| Southern lights |
Depiction of a Tibetan globe-lamp. The four swivelling concentric rings serve to hold the lamp in place, always keeping it upright. The lamp was popularized in the 16th century by Girolamo Cardano, whose name was given to its method of suspension. Its first appearance in Europe can be traced to the 9th century; however, it was in China over I 000 years earlier, in the 2nd century BC, that the lamp was invented.
Published by the International Development Research Centre PO Box 8500, Ottawa, ON, Canada KIG 3H9
© International Development Research Centre 1995
Southern lights: celebrating the scientific achievements of the developing world. Ottawa, ON, IDRC, 1995. ix + 137 p.
/Scientific discoveries/, /scientific progress/, /technological change/, /research and development/, /developing countries/ - /North South relations/, /traditional technology/, /international cooperation/, /comparative analysis/, /case studies/, references.
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David Spurgeon is a science journalist who, through his writings and then as IDRC'S first Director of Publications, was introduced to Southern researchers and their work in the early 1970s. While with the Centre, he worked and traveled extensively in the developing world, including a stint at the International Council (now Center) for Research in Agroforestry (ICRAF) in Nairobi, Kenya. Spurgeon left IDRC in 1980 to work for the United Nations Environment Programme (UNEP), where helped to produce UNEP'S 10-year anniversary report: The World Environment, 1972-1982. From 1981 to 1983, he consulted with a number of international agricultural research centres in Africa, Australia, and the Middle East. In 1983, Spurgeon joined Unesco in the capacity of science journalist and managing editor of the quarterly Impact of Science on Society. In 1986, he resumed his career as a free-lance writer, and has since become a regular contributor to many popular and widely read magazines and journals, including Reader's Digest and Nature (as its Canadian correspondent). His recent books include Secrets of the Heart: Cardiovascular Research in Canada (Medical Research Council of Canada, 1991), No Greater Challenge: Solving the Mysteries of AIDS (Medical Research Council of Canada, 1989), and Understanding AIDS: A Canadian Strategy (Key Porter Books, 1988).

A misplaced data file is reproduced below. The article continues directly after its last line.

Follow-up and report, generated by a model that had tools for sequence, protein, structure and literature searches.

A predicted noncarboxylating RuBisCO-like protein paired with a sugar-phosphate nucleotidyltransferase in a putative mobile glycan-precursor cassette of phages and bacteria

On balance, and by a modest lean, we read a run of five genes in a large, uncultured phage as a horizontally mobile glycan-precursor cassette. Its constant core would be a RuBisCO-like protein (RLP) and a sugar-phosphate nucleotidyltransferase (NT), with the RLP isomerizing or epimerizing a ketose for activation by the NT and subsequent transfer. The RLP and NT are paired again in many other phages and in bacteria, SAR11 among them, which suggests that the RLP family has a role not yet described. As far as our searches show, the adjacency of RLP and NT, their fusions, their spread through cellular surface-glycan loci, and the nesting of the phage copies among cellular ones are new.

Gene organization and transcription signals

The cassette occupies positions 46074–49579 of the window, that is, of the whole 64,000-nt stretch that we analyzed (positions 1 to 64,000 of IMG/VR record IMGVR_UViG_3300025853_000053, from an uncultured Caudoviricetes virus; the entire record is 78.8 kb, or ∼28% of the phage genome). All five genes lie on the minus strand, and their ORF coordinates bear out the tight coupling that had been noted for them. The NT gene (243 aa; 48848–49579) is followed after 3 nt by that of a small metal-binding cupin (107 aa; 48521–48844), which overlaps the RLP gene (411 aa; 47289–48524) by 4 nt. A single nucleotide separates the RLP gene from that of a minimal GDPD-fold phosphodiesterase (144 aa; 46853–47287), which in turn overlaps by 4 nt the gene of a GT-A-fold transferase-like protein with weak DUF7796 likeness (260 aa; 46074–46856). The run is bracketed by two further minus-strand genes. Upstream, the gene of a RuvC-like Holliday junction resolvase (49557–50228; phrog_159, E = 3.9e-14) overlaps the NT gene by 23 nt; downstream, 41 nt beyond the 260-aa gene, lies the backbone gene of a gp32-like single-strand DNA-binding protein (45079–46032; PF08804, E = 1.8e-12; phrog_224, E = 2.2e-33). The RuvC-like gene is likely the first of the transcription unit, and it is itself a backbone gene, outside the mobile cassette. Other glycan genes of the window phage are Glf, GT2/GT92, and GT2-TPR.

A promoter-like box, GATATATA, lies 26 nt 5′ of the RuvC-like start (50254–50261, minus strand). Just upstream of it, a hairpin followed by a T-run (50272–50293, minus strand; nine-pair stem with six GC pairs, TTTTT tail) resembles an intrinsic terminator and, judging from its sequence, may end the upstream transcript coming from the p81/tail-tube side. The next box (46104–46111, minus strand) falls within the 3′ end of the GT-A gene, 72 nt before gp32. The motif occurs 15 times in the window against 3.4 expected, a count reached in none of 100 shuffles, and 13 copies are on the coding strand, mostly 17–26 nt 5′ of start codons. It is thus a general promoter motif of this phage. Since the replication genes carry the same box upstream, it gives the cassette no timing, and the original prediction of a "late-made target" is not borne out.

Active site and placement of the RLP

About the Institution
The International Development Research Centre (IDRC) is a public corporation created by the Parliament of Canada in 1970 to support technical and policy research to help meet the needs of developing countries. The Centre is active in the fields of environment and natural resources, social sciences, health sciences, and information sciences and systems. Regional offices are located in Africa, Asia, Latin America, and the Middle East.
About the Publisher
IDRC BOOKS publishes research results and scholarly studies on global and regional issues related to sustainable and equitable development. As a specialist in development literature, IDRC BOOKS contributes to the body of knowledge on these issues to further the cause of global understanding and equity. IDRC publications are sold through its head office in Ottawa, Canada, as well as by IDRC's agents and distributors around the world.